UPDATE 2 — 9/20, 6:34 p.m. EDT: Approximately 20 Democratic congresspeople signed a letter addressed to the FEC asking the election panel enact rules requiring social media companies disclose the source of political ads.
“Social media platforms offer the ability to target millions of users based upon a wealth of highly detailed information,” the letter read, in-part. “As we have seen, the low cost of reaching these users equips hostile foreign actors with a powerful new tool for disruption of our democratic process.”
Last week, the FEC announced it will seek public comments on regulatory changes and may hold a public hearing on the subject with testimony from tech company executives.
UPDATE — 9/14, 11:34 a.m. EDT: A Washington-based non-partisan watchdog has sent a letter to Facebook CEO Mark Zuckerberg requesting U.S. campaign ads bought by the Russian government in 2016 be released to the public.
According to the letter obtained by multiple media outlets, Campaign Legal Center president and former FEC chairman, Trevor Potter, alleges the social media giant “was secretly paid to host illegal political ads as part of an illegal foreign influence effort.”
An independent study cited by Potter estimates up to 70 million people viewed the ads, which constitutes a violation of federal election law barring foreign entities from spending money to influence elections.
On Wednesday, Facebook Inc. publicly confirmed Russian interference on its platform by revealing a firm linked to the Kremlin bought tens of thousands of dollars worth of political ads using fake accounts and pages that “likely operated out of Russia.”n e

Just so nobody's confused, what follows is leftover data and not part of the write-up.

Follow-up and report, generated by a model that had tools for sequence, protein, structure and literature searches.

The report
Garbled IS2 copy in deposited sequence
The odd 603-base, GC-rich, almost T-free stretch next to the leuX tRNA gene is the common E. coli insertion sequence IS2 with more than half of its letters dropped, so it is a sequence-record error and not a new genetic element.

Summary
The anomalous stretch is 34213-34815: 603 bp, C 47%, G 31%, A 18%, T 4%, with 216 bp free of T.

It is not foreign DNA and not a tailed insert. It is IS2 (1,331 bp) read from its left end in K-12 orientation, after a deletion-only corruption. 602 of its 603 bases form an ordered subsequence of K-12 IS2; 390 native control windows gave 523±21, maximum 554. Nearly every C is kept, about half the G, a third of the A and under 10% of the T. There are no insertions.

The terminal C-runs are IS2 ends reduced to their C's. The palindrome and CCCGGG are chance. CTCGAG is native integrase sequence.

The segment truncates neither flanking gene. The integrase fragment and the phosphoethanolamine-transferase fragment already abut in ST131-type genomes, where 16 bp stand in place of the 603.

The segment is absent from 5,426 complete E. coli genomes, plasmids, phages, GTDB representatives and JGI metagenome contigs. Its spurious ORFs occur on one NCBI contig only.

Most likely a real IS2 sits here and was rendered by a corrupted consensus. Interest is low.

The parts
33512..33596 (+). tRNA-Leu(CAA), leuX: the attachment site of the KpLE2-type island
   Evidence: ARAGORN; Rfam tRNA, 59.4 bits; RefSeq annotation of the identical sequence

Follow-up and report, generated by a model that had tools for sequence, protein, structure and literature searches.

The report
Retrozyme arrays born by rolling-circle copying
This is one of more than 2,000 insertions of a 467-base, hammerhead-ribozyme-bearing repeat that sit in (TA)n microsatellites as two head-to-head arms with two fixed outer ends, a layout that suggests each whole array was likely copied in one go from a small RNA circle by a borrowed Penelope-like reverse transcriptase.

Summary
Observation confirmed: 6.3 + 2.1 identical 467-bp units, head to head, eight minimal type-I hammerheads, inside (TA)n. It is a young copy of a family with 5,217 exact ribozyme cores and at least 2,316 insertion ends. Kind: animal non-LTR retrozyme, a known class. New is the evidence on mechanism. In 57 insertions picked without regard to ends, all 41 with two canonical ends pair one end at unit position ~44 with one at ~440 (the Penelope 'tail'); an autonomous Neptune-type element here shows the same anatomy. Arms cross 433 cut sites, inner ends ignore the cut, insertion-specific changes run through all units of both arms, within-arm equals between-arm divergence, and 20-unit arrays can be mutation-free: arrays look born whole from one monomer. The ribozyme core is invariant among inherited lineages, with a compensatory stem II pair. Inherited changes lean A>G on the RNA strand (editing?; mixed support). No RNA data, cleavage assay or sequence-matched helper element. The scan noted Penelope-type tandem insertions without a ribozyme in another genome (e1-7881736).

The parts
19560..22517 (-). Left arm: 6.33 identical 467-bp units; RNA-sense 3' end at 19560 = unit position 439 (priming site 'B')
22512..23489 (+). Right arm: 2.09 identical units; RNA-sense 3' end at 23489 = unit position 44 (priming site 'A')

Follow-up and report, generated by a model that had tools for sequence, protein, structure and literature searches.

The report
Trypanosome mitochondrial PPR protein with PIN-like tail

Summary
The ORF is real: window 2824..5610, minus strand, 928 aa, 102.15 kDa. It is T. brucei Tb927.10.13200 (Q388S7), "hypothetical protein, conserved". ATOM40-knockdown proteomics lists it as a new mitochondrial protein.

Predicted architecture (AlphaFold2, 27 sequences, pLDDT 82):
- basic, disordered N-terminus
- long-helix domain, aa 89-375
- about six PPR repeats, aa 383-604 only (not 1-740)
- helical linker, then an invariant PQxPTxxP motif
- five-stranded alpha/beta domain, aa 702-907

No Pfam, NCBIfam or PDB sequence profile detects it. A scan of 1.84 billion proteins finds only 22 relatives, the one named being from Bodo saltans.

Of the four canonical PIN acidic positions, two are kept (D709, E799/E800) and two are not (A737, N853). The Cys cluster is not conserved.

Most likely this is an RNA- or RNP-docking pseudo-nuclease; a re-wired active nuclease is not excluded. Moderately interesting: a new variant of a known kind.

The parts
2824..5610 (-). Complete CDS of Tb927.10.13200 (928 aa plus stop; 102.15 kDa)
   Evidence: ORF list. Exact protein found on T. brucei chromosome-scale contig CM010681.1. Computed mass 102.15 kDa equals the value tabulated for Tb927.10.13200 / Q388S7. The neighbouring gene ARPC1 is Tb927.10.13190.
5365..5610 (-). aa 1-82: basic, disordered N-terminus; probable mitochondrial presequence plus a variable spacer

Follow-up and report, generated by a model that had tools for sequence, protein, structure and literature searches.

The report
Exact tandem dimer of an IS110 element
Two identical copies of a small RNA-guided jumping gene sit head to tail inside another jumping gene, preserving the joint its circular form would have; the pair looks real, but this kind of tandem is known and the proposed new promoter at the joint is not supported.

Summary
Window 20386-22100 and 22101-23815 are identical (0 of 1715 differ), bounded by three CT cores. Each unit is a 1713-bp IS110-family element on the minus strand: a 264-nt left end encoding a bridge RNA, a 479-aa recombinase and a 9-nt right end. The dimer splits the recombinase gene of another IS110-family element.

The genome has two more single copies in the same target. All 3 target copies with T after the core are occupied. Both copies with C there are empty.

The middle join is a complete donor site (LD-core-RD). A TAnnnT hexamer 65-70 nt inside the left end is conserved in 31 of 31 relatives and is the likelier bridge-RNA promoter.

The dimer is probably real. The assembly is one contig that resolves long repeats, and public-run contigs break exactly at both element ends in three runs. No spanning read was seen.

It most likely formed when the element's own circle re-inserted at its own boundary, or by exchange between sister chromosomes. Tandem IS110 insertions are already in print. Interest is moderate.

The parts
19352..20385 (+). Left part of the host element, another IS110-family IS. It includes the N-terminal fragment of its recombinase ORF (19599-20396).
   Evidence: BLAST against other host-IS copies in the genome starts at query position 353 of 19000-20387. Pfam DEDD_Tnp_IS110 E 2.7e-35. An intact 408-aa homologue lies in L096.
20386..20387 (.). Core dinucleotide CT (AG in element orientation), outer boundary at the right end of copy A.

“In reviewing the ads buys, we have found approximately $100,000 in ad spending from June of 2015 to May of 2017 — associated with roughly 3,000 ads — that was connected to about 470 inauthentic accounts and Pages in violation of our policies,” wrote Alex Stamos, Facebook chief security officer, in a blog post.
The ads, running between June 2015 and May 2017 by the “Internet Research Agency”, included traditional advertisements and sponsored posts.
“Only about one-quarter of these ads were geographically targeted, and of those, more ran in 2015 than 2016,” Stamos continued.
Most of the ads and accounts “appeared to focus on amplifying divisive social and political messages across the ideological spectrum.” Only a small number of the ads mentioned the U.S. presidential election, voting, or specifically Donald Trump and Hillary Clinton.
In his statement, Stamos said that Facebook terminated the accounts and pages that were still active.
However, in the latest review, Facebook found that an additional $50,000 was spent in “potentially politically related ad spending on roughly 2,200 ads.”
“The Russians were playing this much bigger game, which included elements like released hacked materials, political propaganda and propagating fake news, which they’d pursued in other countries,” said Ben Rhodes, former President Obama’s deputy national security adviser.
Meanwhile, Google said Thursday it did not find any evidence of a Russian propaganda campaign like the one carried out on Facebook’s advertising platforms.
“We’re always monitoring for abuse or violations of our policies and we’ve seen no evidence this type of ad campaign was run on our platforms,” Google, an Alphabet Inc. subsidiary, told Reuters.
Twitter Inc. is expected to be the next digital giant to brief the Senate intelligence committee about Russian activity on its platform during the campaign.
[Washington Post] [Reuters] [CNBC] [Image courtesy The Daily Beast]